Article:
The Free Men of Ukraine Eat Trophies for Breakfast
Varenyky in Zaporizhia
It has been a while since I last visited the city of my birth, Zaporizhia, in the southeast of Ukraine. The frontline is just a little more than 100 miles east of the city, and every time I thought of a visit it sent shivers down my spine.
However, when my Turkish fiancé and I finally got there, nothing betrayed any sign of the war raging nearby. The streets were busy with weekend shoppers and parents strolled leisurely with their kids along the riverside.
As we were being whisked home for breakfast, my dad pointed in all directions, treating us to chunks of the city’s history.
“This is Khortytsia,” he said, stopping the car and motioning us to step out. He was pointing at a huge island, the river Dnieper foaming over its rocky shore.
“It is from here that Cossacks launched their attacks against the Ottomans,” he said and looked at Huseyin with a smile.
Zaporozhian Cossacks (the word “cossack” being a Turkish word for “free man”) are the pride of Ukrainians. They were runaway serfs from Poland and Russia, who formed settlements that later grew into an independent political and military force. In such settlements, Cossacks trained and then launched attacks against their encroaching neighbors: the Polish–Lithuanian Commonwealth, the Tsardom of Russia, the Ottomans, and the Crimean Tatars. There is a vivid painting by Ilya Repin (1844–1930), “Zaporozhian Cossacks write to the Sultan of Turkey,” in which Cossacks are depicted in their traditional wide pants, composing an insulting letter to their enemy from across the Black Sea.
Recently, Zaporozhian Cossacks were proclaimed the first Ukrainian Army and their official day became the Day of Ukrainian Army. This brought Zaporizhia into national focus, as the president made a speech in Khortytsia, while hundreds of military school students gave a pledge of allegiance to the state and were then treated to the traditional Ukrainian dish of varenyky.
It was varenyky that were waiting for us at home, as well. In Ukraine, varenyky are usually served on special occasions, since its preparation is time consuming. I remember all the women in my family gathering to chat over the table while preparing them: first making the dough out of flour and eggs, then rolling it into long sausages and cutting them into plump circles, which were then flattened with a rolling pin and filled with various stuffings. After their corners were connected together to form a crescent, the dumplings were dropped into boiling water and served with large dollops of sour cream.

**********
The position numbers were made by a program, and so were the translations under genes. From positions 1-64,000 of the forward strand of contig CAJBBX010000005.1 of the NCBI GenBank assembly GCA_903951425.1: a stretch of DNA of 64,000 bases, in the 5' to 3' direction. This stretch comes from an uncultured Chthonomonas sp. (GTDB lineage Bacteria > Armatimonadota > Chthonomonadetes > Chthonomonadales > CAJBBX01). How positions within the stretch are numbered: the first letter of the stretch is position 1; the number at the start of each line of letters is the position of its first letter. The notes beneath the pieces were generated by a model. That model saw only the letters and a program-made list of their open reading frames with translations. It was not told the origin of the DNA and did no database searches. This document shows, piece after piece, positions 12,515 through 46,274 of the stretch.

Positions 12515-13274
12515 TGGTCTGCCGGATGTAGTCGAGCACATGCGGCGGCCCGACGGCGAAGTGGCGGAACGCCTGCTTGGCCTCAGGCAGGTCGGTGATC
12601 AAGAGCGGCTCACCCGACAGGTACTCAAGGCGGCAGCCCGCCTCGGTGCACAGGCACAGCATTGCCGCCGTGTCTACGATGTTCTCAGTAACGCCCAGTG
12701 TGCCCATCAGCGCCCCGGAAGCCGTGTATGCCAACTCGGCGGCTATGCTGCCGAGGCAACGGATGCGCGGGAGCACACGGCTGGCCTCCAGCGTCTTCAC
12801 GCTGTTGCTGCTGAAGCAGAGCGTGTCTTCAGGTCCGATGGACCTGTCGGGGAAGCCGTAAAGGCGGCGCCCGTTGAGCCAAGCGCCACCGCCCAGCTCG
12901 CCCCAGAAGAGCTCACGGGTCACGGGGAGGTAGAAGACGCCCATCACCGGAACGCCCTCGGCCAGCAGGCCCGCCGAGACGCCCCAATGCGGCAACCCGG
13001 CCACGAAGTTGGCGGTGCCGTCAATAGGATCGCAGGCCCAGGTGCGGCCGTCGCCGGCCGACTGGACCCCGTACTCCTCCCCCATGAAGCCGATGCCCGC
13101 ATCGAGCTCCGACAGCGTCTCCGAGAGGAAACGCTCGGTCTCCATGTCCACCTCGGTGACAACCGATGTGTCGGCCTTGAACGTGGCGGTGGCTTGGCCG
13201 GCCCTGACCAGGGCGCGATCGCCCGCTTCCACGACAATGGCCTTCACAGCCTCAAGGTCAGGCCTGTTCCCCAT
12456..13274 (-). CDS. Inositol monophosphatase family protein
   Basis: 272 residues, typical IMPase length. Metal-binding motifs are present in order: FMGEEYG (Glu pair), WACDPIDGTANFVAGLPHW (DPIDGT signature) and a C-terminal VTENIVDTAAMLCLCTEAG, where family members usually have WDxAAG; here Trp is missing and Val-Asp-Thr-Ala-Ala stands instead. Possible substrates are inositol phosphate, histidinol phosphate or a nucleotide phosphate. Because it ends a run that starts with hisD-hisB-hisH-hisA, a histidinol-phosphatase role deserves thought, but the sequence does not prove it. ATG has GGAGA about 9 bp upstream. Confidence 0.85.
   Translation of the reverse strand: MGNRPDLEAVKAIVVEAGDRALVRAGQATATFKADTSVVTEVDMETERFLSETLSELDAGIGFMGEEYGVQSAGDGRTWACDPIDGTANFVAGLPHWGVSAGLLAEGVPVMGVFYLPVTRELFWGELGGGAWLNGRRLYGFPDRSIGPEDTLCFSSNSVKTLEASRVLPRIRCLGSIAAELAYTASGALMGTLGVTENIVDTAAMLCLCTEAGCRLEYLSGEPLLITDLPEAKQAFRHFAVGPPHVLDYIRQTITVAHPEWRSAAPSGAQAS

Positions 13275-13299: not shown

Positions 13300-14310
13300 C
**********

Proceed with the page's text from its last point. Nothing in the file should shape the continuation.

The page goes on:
That morning, steaming varenyky stuffed with salted cottage cheese mixed with dill on one plate and those with sour cherries and sugar on the other waited for us on the table. My mom was scanning the face of my fiancé for a sign of approval, while my dad noted that varenyky, in fact, originated in Turkic cuisine. Varenyky resemble Turkish manti, little dumplings filled with mutton and garlic, though in Ukraine their recipe was heavily modified: instead of mutton they are now filled with pork or potatoes, cottage cheese or fruits.
“Here in the southeast our culture has been influenced by so many other cultures,” my dad said, and it was with a note of pride that he mentioned the tumultuous history of this border area. Maybe because in the end, it was the Ottomans who had to retreat. The Cossacks stayed, although they borrowed their wide pants, curved swords, and varenyky from their mortal enemy, as a trophy.